SUSHI

Due to COVID-19, some of the information below may be temporarily different as restaurants navigate these uncharted times. Please visit each establishment's website for their most up to date information, how they are responding to COVID-19, and short term changes in services offered. Thank you for supporting our community!​

FAVORITE SPOTS

Hooked – Hooked has quickly become both a local and guests favorite. This seafood house serves sushi, hot and cold fish, as well as Colorado 7x steak, chicken, and additional items for landlubbers. Colorado is not exactly known for its yellowfin tuna swimming our rivers, so fresh fish flown is flown in daily, featuring a rotating selection of the market’s best selection.  Hooked is known for pushing the boundaries of creativity with flavors and experimenting with the culinary arts.  I highly suggest trying the Crimpster (one of my favorite things on their menu!) which is what I like to consider the turducken of the sea!

Matsuhisa – Nobu Matsuhisa is known for infusing traditional Japanese cuisine with South American and Western flavors. His extensive menu highlights his culinary journey, with dishes inspired from his tenure as a chef in Japan, Alaska, Peru, and California oftentimes marrying them together for favorites like Black Cod Miso and Whitefish Tiradito.  While dining at Matsuhisa, expand your expectations and try some of his offerings from the land—the lamb chops are absolutely incredible!  If you’re feeling adventurous, try chef’s Omakase menu.  And every time I’m there, I always make sure to have a delicious Matsu-tini! 

Osaki’s – At Osaki’s, the finest Japanese cuisine can only come from the finest ingredients, which is why they hand-select their fish daily, use a blend of Tamanishiki and Sasanishiki rice, and make Chef Takeshi’s family recipe for soy sauce.  Chef Takeshi follows in his family’s footsteps as a master sushi chef, with his grandfather’s restaurant opening in Osaka, Japan in 1948, bringing traditional and delicious sushi to our mountain home.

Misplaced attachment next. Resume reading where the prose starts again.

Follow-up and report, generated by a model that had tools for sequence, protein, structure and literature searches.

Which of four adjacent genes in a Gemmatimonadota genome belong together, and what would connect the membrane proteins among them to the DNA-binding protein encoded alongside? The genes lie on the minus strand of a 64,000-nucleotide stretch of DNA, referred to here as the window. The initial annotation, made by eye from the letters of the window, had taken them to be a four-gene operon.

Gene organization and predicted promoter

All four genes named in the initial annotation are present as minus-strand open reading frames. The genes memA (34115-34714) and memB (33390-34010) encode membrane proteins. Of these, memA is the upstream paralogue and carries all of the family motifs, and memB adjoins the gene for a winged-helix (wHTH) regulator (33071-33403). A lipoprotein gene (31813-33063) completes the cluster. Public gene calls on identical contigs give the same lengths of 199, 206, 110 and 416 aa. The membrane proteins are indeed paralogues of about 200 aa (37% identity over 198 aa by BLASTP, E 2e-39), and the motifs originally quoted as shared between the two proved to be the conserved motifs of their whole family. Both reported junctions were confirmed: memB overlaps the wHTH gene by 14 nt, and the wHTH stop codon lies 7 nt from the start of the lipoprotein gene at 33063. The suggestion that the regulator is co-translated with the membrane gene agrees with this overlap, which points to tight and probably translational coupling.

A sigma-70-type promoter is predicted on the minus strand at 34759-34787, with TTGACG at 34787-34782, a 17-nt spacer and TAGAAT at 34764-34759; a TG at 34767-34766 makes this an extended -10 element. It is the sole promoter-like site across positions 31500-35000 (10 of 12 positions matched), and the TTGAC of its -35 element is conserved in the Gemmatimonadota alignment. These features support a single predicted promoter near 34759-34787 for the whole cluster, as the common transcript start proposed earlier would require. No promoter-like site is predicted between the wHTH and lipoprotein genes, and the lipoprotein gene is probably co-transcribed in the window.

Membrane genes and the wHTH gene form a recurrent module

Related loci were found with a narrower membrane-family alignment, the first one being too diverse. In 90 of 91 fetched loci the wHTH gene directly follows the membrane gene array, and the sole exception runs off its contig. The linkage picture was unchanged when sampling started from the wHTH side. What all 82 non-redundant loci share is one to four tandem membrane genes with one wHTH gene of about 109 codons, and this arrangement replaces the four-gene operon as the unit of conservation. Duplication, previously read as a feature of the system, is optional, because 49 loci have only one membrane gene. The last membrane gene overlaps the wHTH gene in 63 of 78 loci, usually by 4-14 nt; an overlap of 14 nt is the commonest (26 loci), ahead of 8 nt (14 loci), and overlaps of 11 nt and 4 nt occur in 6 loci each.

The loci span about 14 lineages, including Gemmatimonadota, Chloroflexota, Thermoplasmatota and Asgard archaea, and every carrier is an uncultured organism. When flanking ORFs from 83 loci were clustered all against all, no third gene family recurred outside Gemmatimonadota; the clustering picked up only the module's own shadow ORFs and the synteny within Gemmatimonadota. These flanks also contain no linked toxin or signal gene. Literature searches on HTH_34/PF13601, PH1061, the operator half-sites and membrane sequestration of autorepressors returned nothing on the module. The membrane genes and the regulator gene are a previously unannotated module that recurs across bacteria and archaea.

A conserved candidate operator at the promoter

Sato  Sato is a unique concept, with Cafe 163 occupying the space and menu for breakfast and lunch, and Sato Sushi serving dinner.  Since both restaurants have the same owner, with no culinary overlap, it was a concept worth trying for both wildly successful restaurants.  The sushi is fresh and the rolls creative, named after local areas like Arrowhead and Eagle.  One of my favorite rolls is the Green Eggs & Hamachi roll (and not just for the fantastic name!).  Their entrees are also delicious if you’re in the mood for cuisine other than sushi, and their cocktail list is innovative and inspired.

Yama – Nestled in the heart of the Vail Village, Yama is a boutique sushi spot with a sophisticated menu.  The atmosphere is modern and chic, feeling more like a hidden urban gem than a high country eatery.  Fresh fish is flown in from around the world for their creative dishes.  Don’t forget to save room for mochi for dessert!

RESERVATION INFORMATION

By now I’m guessing you’ve looked through enough different restaurant options to know we are lucky to have many locally owned and operated, small businesses to support and reservations are highly recommended.  This is especially true for sushi.  These establishments tend to be on the much smaller side and because they have fresh fish flown in to the middle of the Rocky Mountains, they are popular for a reason!

For Hooked, they will accept reservations pretty much any time as long as they are open (keep in mind they have seasonal closures in the autumn and spring).  Matsuhisa accepts reservations 30 days to the date in advance – this gets tricky with dates like March 29th because you’d have to wait for March 1st to book it rather than February 28th even though it’s technically within 30 days.  Osaki’s only makes reservations the day prior to your reservation request.  Sato only accepts reservations by phone.  Lastly, Yama only has a limited amount of online reservations available and the rest have to be made by phone.  Whew! 

If you can’t get your preferred reservation time, don’t give up.  Ask to have your name placed on a cancellation list (it happens! Sometimes flights get cancelled or Vail Pass gets shut down and people have to forego their reservations) and know you can always try and walk in.  Matsuhisa’s bar and sushi bar are walk in only, for example.  You can also try dining at Hooked for lunch instead of dinner, since their full menu is served alongside the lunch specials.  Creativity is your friend.